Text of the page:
“Globex legitimized all the Educare calls,” he explained. “It wouldn’t be at all surprising if there was a lot more of this going on.”

Americans received about 3.7 billion robocalls last month alone, according to the latest figures from Irvine’s YouMail, a robocall-blocking app. That translates to more than 118 million robocalls a day, or roughly 1,370 per second.

The U.S. telecom industry is rolling out its own solution, a technology known as “Shaken/Stir” (and the nerdy James Bond reference is deliberate). It’s intended to do for phones what spam filters do for email.

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With Shaken/Stir, a call is issued a digital “token” or “signature” at its point of origin. That marker is verified before the call makes its way to the recipient, thus weeding out known scam or spoofed calls.

Routing robocalls through a legitimate VoIP provider doesn’t make them impossible to spot, just a lot tougher.

It also disincentivizes American telecom firms from cracking down because they’d be going after a paying customer — the overseas VoIP company — that may also bring legitimate traffic to a U.S. network.

Teresa Murray, who oversees consumer advocacy on behalf of the U.S. Public Interest Research Group, said the Globex case highlights how sophisticated robocallers are becoming in targeting potential victims.

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“This FTC settlement must be a wake-up call to phone service providers so they do more to protect consumers,” she said. “If not, the FTC must be vigilant in going after companies that enable this immoral practice.”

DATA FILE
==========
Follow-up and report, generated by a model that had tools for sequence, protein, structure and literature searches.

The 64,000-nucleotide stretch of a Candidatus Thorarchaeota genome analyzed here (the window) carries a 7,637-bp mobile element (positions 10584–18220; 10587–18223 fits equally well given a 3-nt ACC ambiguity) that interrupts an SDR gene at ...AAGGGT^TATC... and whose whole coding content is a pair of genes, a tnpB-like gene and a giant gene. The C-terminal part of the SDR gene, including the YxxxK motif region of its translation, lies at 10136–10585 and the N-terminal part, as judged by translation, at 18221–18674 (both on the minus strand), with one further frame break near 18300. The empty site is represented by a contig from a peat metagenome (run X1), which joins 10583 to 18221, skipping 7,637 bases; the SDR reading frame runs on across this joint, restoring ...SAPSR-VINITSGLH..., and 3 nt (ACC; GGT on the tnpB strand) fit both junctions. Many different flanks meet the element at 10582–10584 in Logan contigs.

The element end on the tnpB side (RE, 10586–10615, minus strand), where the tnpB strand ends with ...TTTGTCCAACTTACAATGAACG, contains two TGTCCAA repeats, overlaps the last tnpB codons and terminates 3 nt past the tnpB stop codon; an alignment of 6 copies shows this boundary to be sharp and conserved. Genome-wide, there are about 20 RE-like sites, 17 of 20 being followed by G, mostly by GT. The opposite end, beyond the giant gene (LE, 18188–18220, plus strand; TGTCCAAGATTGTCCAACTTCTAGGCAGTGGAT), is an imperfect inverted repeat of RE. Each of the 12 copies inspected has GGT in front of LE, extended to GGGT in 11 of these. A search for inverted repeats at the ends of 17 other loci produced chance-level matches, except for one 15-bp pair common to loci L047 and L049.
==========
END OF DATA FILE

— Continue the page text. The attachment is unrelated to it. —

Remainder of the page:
The FTC says it’s trying. The Globex settlement marks its first successful case against a VoIP provider.

“We will continue to go after companies like Educare that target people using these unlawful practices, and VoIP service providers like Globex who knowingly help them violate the law,” said Andrew Smith, director of the agency’s Bureau of Consumer Protection.

I heard much the same from the Federal Communications Commission.

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“This is a significant problem, and we have taken a number of enforcement and rulemaking actions to take on these challenging problems,” said Will Wiquist, an FCC spokesman.

USTelecom, an industry association, said the organization assisted the FTC in its investigation of Globex and is committed to stopping unwanted robocalls.

“These calls aren’t just annoying,” Jonathan Spalter, the group’s president, told me. “They’re truly dangerous. They’re stealing from people.”

He admitted, “There’s more work to be done.”

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The bottom line, as the Globex settlement illustrates, is that as long as there’s money to be made by preying on people in their homes, robocallers and spoofers will keep finding increasingly ingenious ways of getting past our defenses.

“There are no silver bullets,” acknowledged McEachern at the Alliance for Telecommunications Industry Solutions. “All we can do is try to reduce it like we reduce email scams.”

That’s no solution. But it’s progress.